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Trump yet to condemn Navalny’s sudden death

Former president Donald Trump, who earlier this month set off worries among allies after he said would encourage Russia to invade a NATO country that wasn’t spending enough on defense, has remained largely silent on the death of Alexei Navalny, only appearing to suggest baselessly that he is being persecuted in the way Russian President Vladimir Putin’s most potent political opponent was.

The front-runner of the GOP presidential primary has made multiple public appearances since Russia announced Navalny’s death in a faraway Arctic penal colony on Friday. But he has not publicly condemned the dissident’s shocking death, even though he frequently speaks about what he would do as president when confronting Russia, Putin and the war in Ukraine.

Navalny embodied the resistance to Putin’s regime more than any other Russian opposition figure, and his death at 47 in the prison camp was seen as a watershed signal that no dissent will be tolerated in Russia as Putin shifts toward a highly centralized, deeply repressive totalitarian regime.

Unlike many other U.S. and international leaders, Trump has not criticized Putin’s jailing of Navalny or mourned his untimely death.

Instead, the former president only offered an analogy comparing himself to Navalny on a post shared Sunday afternoon on Truth Social, his social media site: “Biden:Trump::Putin:Navalny.”

Trump, who is under multiple criminal investigations, has long claimed without evidence that the U.S. justice system has been weaponized against him.

Unlike Trump, Navalny was jailed repeatedly for long periods and was sentenced to a 19-year term in August on charges of “extremism” centered on his political opposition to Putin’s leadership.

Russia’s justice system is widely viewed as beholden to the executive authority of the president, while, in the United States, there are multiple protections in place to afford the Justice Department independence in seeking criminal charges.

Days before Navalny’s death — the cause of which the Russian government has not yet explained — Trump, who has often praised Putin, told a crowd of supporters in South Carolina that he would encourage Russia to do “whatever the hell they want” to any NATO member country that he believes is not paying their share due to the alliance.

The remarks sparked controversy in the United States and Europe, with American leaders promising that they would remain committed to NATO allies and European leaders expressing concern that a second Trump presidency could erode the alliance.

As The Washington Post reported Friday, during his four years in office, Trump appears to have never once mentioned Navalny’s name.

After the Russian dissident was poisoned with a banned nerve agent in August 2020, Trump as president was asked how he might respond. He talked about how tough he had purportedly been on Russia and noted that there was no proof of Russia’s involvement on Navalny’s poisoning.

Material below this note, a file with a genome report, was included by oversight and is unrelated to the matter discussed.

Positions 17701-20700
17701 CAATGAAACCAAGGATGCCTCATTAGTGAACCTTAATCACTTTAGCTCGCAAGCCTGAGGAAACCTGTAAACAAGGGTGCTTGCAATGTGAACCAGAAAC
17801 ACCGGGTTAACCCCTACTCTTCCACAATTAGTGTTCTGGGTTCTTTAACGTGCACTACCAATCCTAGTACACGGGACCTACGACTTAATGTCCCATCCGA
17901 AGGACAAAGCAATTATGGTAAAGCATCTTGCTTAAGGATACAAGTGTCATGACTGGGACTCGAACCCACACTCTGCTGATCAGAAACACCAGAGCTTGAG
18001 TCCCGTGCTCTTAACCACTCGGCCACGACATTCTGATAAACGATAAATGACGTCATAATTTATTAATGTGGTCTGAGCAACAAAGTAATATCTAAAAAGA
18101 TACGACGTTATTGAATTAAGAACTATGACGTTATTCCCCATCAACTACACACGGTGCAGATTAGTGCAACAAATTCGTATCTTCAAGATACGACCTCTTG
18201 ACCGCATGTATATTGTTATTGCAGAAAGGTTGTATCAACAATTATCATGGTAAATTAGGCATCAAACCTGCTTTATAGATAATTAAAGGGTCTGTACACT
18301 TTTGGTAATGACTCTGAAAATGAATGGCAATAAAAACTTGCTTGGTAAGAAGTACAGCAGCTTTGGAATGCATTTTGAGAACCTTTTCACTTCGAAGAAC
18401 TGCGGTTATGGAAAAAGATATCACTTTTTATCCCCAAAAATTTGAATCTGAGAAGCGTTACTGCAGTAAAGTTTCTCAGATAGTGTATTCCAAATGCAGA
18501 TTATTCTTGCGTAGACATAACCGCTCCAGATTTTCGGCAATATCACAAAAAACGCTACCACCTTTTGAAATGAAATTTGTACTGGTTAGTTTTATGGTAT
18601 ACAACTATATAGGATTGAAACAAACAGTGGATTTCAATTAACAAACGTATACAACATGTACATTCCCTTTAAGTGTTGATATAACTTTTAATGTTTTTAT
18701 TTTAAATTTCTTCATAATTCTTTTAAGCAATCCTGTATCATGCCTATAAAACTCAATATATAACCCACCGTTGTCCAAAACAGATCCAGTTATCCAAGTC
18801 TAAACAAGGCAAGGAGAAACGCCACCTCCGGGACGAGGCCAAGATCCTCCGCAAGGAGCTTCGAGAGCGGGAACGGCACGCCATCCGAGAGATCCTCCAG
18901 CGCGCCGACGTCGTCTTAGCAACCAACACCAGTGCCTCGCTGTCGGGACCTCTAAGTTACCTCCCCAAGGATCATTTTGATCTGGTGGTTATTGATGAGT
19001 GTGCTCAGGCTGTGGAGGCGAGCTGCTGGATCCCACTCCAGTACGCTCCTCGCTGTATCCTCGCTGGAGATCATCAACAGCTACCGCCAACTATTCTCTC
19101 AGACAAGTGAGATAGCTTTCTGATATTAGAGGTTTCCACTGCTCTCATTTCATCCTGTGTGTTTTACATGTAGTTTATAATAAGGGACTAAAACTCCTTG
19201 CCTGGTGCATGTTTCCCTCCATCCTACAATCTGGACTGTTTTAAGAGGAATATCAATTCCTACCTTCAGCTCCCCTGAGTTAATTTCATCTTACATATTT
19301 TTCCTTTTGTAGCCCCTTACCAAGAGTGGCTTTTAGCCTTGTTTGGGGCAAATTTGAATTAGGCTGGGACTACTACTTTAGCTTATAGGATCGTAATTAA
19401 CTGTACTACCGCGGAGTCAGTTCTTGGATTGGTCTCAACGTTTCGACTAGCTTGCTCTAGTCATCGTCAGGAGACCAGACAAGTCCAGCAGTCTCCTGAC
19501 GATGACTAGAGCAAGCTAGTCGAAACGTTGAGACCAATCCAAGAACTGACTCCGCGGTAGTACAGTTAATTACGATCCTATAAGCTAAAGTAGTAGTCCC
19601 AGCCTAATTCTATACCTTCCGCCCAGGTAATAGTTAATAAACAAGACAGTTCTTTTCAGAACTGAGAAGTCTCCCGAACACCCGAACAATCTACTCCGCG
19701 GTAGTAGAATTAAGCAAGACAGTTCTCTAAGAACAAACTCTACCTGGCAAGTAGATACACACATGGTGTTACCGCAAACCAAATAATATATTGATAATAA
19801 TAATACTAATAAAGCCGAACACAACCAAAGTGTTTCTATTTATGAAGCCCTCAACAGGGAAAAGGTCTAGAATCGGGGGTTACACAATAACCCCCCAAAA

Navalny, the U.S. State Department and European authorities have blamed Russian security forces for the poisoning. Trump never condemned the poisoning, even after Navalny called on him to do so.

And now, Trump’s silence on condemnation of Navalny’s death stands in stark contrast to harsh criticism from other U.S. political figures.

President Biden, speaking from the Roosevelt Room of the White House on Friday, said Putin is responsible for Navalny’s death.

“What has happened to Navalny is yet more proof of Putin’s brutality. Nobody should be fooled,” Biden said.

In a statement Saturday, former U.N. ambassador Nikki Haley, Trump’s remaining challenger in the GOP presidential primary, emphasized that Trump had not mentioned either Navalny or Putin, and she questioned whether the former president believes Putin is responsible for Navalny’s death.

Speaking to ABC News on Sunday morning, Haley called Navalny a hero and said it is important to “stand with the Russian people who believe Navalny was really talking for them.” Navalny, she said, “was fighting corruption. He was fighting what Putin does.”

“And what did Putin do? He killed him, just like he does all his political opponents,” Haley said.

“We need to remind the American people that Vladimir Putin is not our friend,” Haley added. “So when you hear Donald Trump say in South Carolina a week ago that he would encourage Putin to invade our allies if they weren’t pulling their weight — that’s bone chilling, because all he did in that one moment was empower Putin.”

A spokesman for Trump did not immediately respond to a request for comment.

The former president’s campaign has previously pointed to a post that Trump made on his social media site, Truth Social, as his official response to Navalny’s death. The post makes no mention of Putin, Navalny or the Ukraine-Russia war; it instead baselessly blames Biden for a rise in “Misery, Destruction and Death” in the world.

The comment is also buried among more than 20 posts Trump made on other issues, including the U.S. border, Haley, the multiple criminal investigations he faces and election poll numbers.

Trump’s lack of criticism should be a warning about the type of presidency Trump would run if reelected, said former congresswoman Liz Cheney.

“When you think about Donald Trump, for example, pledging retribution, what Vladimir Putin did to Navalny is what retribution looks like in a country where the leader is not subject to the rule of law,” Cheney said Sunday on CNN’s “State of the Union.” “And I think that we have to take Donald Trump very seriously. We have to take seriously the extent to which you have now got a Putin wing of the Republican Party.”

Philip Bump and Isaac Arnsdorf contributed to this report.

This post appeared first on The Washington Post

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